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Each week, 50-80 Applegaters get together for stretching and free-form movement to ambient live DJ music. It’s called ‘Ecstatic Dance’ and since its inception in 2000 in Hawaii by Max Fathom, it’s spread across the globe. Initially, it popped up in population centers like Berlin, Amsterdam, New York, and Barcelona, but eventually became common in smaller towns. Still, having Ecstatic Dance in an area as remote as the Applegate Valley is unusual.

“It’s definitely one-of-a-kind in Oregon,” says Mika Smith. Smith is one of the coordinators of the weekly event, held  at the Williams Grange, or the Sugarloaf Community Park. He is part of a collective that took on the event after the original organizer moved to Hawaii and gifted the sound mixer and speakers to the community. “I think it really elevates the health and well-being of the community,” Smith explains. “It invites people to come together in a welcoming, safe, and celebratory space.”

As special as it is to have Ecstatic Dance in a rural setting , Smith says the downside is the lack of diversity. “Here in beautiful southern Oregon, there is a fairly limited diversity of people, dating back to Oregon being a white state.” To counter this, Mika and the collective decided to prioritize DJs that were women and people of diverse backgrounds.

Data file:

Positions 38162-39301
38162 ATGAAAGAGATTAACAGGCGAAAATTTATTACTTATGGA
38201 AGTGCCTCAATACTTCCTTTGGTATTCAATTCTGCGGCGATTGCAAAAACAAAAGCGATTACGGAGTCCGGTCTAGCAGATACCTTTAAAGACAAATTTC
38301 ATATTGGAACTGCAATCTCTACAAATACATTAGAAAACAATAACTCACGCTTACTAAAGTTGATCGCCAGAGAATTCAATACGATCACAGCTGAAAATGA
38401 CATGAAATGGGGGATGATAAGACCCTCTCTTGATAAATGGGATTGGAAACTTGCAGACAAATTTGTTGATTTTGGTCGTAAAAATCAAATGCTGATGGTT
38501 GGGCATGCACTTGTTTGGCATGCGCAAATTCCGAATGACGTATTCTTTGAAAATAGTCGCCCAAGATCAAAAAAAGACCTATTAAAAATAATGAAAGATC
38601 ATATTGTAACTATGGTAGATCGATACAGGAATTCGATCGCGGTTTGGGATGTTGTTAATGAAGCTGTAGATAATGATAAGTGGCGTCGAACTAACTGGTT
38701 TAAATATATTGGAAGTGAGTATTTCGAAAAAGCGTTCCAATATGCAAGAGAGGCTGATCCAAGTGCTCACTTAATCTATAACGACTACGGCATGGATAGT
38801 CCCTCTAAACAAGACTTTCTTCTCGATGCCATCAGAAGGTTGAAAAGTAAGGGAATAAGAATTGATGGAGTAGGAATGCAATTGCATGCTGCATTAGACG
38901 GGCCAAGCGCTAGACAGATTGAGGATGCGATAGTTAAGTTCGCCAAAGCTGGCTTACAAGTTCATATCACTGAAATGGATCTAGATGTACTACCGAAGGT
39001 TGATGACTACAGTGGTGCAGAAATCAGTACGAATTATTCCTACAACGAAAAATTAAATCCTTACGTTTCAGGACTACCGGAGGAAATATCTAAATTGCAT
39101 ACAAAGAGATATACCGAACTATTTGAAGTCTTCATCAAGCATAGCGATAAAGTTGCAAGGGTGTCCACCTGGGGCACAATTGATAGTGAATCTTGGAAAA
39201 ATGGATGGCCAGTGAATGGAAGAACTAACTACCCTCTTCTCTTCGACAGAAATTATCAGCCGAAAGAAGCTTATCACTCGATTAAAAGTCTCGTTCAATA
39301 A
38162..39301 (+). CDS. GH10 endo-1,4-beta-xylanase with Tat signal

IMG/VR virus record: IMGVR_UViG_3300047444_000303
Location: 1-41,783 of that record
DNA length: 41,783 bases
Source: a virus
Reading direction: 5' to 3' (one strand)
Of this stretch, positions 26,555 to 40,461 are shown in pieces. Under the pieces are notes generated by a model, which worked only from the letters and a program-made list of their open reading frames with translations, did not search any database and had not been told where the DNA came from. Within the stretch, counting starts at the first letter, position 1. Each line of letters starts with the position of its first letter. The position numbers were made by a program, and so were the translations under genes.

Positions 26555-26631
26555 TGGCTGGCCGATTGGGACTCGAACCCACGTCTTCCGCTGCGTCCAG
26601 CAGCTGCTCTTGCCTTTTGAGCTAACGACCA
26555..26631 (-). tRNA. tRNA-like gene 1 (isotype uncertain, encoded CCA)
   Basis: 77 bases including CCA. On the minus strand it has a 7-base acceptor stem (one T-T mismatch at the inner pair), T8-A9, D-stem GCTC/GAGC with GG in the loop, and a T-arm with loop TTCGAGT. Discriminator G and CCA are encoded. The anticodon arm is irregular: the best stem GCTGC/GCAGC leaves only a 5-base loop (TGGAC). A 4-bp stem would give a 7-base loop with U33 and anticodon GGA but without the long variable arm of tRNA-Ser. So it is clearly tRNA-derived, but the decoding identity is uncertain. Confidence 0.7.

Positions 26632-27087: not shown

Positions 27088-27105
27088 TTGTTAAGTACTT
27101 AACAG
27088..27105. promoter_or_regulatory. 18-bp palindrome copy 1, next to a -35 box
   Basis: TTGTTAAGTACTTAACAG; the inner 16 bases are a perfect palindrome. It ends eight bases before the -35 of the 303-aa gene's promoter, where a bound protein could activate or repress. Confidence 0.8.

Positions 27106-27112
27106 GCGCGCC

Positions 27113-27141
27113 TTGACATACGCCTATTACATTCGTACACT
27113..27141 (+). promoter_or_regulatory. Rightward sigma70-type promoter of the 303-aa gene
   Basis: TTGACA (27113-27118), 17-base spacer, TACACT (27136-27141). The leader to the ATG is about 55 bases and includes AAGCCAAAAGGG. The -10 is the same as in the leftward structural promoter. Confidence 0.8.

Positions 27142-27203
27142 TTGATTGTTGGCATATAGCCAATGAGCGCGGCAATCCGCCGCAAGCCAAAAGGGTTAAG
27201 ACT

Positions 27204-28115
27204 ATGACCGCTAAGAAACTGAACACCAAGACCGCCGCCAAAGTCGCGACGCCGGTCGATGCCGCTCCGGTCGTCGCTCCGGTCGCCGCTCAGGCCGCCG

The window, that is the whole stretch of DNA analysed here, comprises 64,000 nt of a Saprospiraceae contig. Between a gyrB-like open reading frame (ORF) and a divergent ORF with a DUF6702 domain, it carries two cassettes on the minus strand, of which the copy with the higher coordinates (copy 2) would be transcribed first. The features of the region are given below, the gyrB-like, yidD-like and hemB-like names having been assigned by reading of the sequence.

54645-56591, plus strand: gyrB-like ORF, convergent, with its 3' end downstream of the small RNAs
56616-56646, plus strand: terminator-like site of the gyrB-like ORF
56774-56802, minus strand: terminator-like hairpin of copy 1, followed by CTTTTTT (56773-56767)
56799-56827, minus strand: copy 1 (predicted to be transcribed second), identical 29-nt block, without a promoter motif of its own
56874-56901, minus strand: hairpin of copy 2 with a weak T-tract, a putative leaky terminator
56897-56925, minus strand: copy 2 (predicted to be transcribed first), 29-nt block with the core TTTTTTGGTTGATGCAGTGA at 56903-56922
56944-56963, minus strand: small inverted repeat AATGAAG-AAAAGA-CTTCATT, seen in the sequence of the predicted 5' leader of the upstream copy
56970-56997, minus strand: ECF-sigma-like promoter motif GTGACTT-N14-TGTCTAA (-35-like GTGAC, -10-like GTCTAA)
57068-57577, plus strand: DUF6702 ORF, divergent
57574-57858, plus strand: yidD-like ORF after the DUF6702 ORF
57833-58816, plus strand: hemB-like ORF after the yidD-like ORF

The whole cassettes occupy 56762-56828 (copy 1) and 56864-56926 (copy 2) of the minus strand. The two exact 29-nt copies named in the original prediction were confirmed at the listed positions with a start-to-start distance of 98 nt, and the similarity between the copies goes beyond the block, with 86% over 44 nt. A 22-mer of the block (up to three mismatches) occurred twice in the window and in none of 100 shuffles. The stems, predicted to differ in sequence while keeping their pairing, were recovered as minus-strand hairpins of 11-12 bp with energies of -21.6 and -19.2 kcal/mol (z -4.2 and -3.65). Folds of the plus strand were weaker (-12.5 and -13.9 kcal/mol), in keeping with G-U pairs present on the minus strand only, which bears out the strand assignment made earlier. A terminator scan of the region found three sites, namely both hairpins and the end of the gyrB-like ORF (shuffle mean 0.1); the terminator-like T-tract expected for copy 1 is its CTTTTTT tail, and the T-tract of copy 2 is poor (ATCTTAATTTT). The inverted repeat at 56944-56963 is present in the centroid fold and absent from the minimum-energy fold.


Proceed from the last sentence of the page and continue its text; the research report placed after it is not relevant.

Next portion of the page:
They were able to find women DJs, but ethnic diversity was harder to come by. The DJs they did find were not from the local area. The puzzle became: How do you do increase diversity when very few non-white DJs live here? They realized they’d have to invite DJs from elsewhere.

Smith saw that their hope to bring in different DJs intersected with the Applegate Valley Vision’s goal of making the Valley “Prosperous and Vital” as well as “Inclusive and Engaged.” The Applegate Valley Vision is an 89-page resident-inspired document that details future aspirations for the Applegate Valley. Seeing this overlap with the Vision, Smith was inspired to apply for an Innovation Grant from A Greater Applegate to cover the travel expenses of visiting DJs.

The dance community in Williams was super grateful for that grant,” Smith says. “Our dances clearly reflect a greater diversity of attendees when the DJ is of a diverse background.”

Smith is now thinking how to keep the momentum going into the future. He knows it’s a work in progress. “There’s probably more diversity that shows up at Ecstatic Dance than most of the other community events that happen out here‑—both in terms of age and background. It really does show up here. We just want it to show up more.”

Ecstatic Dance continues to gather every week from noon to 2pm either at the Sugarloaf Community Association Park, or the Williams Grange.